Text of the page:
Waiser, M. J.. Napier University, firstname.lastname@example.org
Robarts, R. J.. National Water Research Institute, email@example.com
DOM FROM SELECTED PRAIRIE AQUATIC ECOSYSTEMS: A COMPARISON OF COMPOSITION AND REACTIVITY.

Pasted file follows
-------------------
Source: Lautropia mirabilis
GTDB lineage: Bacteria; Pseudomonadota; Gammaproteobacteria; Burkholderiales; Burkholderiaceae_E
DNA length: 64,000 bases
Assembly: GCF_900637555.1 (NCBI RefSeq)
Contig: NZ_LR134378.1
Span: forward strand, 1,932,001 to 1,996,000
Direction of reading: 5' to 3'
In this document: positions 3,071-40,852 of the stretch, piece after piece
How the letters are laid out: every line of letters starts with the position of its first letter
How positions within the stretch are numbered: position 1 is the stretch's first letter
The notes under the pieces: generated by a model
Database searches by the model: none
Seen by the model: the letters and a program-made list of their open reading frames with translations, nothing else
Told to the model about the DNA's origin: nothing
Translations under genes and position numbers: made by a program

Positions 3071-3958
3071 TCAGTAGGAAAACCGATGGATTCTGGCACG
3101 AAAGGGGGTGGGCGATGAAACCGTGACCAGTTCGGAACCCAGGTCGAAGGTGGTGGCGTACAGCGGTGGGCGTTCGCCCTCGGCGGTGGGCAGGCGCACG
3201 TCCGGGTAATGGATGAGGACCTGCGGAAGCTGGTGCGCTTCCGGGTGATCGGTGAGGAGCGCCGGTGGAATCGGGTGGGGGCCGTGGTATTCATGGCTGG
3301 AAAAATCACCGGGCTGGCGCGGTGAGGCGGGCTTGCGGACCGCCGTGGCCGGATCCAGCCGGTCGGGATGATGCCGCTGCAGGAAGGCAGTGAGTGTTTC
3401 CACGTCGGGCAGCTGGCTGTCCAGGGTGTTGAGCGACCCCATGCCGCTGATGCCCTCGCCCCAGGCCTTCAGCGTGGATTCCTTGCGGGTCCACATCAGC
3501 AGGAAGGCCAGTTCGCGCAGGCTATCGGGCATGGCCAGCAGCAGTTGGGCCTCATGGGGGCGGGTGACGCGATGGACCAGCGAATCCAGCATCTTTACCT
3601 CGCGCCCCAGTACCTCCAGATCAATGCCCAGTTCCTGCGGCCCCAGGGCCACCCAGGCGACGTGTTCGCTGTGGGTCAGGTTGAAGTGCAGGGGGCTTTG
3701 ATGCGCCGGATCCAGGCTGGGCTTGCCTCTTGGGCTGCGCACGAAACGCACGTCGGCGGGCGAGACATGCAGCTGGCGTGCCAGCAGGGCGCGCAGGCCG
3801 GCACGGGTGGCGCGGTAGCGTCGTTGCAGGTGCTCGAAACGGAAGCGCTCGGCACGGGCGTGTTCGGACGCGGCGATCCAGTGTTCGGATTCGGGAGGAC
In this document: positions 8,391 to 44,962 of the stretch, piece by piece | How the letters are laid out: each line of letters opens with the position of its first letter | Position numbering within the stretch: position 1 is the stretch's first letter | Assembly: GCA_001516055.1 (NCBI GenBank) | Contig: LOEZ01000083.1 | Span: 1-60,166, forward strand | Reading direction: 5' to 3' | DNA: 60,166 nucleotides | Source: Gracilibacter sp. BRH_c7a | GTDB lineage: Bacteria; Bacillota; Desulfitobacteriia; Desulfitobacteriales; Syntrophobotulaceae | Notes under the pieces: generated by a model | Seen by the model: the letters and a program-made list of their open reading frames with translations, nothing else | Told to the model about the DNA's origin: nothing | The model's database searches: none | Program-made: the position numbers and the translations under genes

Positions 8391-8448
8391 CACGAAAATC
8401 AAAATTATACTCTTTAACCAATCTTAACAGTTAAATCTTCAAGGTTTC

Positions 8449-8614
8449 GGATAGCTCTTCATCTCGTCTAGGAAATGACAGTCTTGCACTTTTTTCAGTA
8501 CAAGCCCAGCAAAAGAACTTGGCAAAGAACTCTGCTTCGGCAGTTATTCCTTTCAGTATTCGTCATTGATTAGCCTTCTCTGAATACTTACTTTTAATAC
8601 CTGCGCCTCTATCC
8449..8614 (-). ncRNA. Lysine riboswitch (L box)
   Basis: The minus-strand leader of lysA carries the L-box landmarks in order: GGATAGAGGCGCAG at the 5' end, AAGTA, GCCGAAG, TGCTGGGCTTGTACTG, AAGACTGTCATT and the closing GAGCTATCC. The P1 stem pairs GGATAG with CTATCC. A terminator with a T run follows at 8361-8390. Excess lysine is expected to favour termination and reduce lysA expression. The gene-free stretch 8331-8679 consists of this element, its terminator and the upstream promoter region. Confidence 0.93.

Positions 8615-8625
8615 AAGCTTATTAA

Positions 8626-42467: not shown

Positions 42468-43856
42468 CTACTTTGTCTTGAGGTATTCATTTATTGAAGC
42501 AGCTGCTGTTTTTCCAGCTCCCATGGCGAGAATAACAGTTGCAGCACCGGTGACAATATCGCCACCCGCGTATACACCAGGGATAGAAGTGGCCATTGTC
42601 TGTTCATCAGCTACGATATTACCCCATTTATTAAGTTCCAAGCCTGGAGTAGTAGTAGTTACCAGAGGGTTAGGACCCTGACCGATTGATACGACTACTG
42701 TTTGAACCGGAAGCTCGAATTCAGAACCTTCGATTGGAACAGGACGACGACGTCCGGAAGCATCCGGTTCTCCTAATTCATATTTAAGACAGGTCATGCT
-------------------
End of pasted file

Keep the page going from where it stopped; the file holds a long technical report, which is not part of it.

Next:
Aquatic systems across the Canadian prairies contain high concentrations of dissolved organic matter (DOM) which may vary in composition and reactivity. Compositional differences in DOM from a prairie wetland and a saline lake were examined by isolating DOM using XAD-8 resins and then characterizing the eluted hydrophobic organic acids (HPOA) using 13C NMR and mass electrospray analysis, 13C signatures, 14C aging, and C:N ratios. As well, DOM from the freshwater inflow to the lake was compared to lake DOM using the same methods. HPOA from the wetland and saline lake are low in molecular weight (350-450 Daltons) and terrestrial in origin. DOM from the wetland, however, is much younger, has lower C:N ratios, and is more aromatic and colored than its saline lake counterpart. DOM from the inflow is significantly different from lake DOM as well. Experiments using natural microbial assemblages indicate that DOM reactivity (biological and chemical) varies across these systems. For example, the amount of biologically available DOM is greater in the wetland (19%) and inflow (12%) than in the lake (0%). Photolysis experiments indicate that DOM in the wetland and the lake can be broken down by UV light and subsequently utilized by bacteria.
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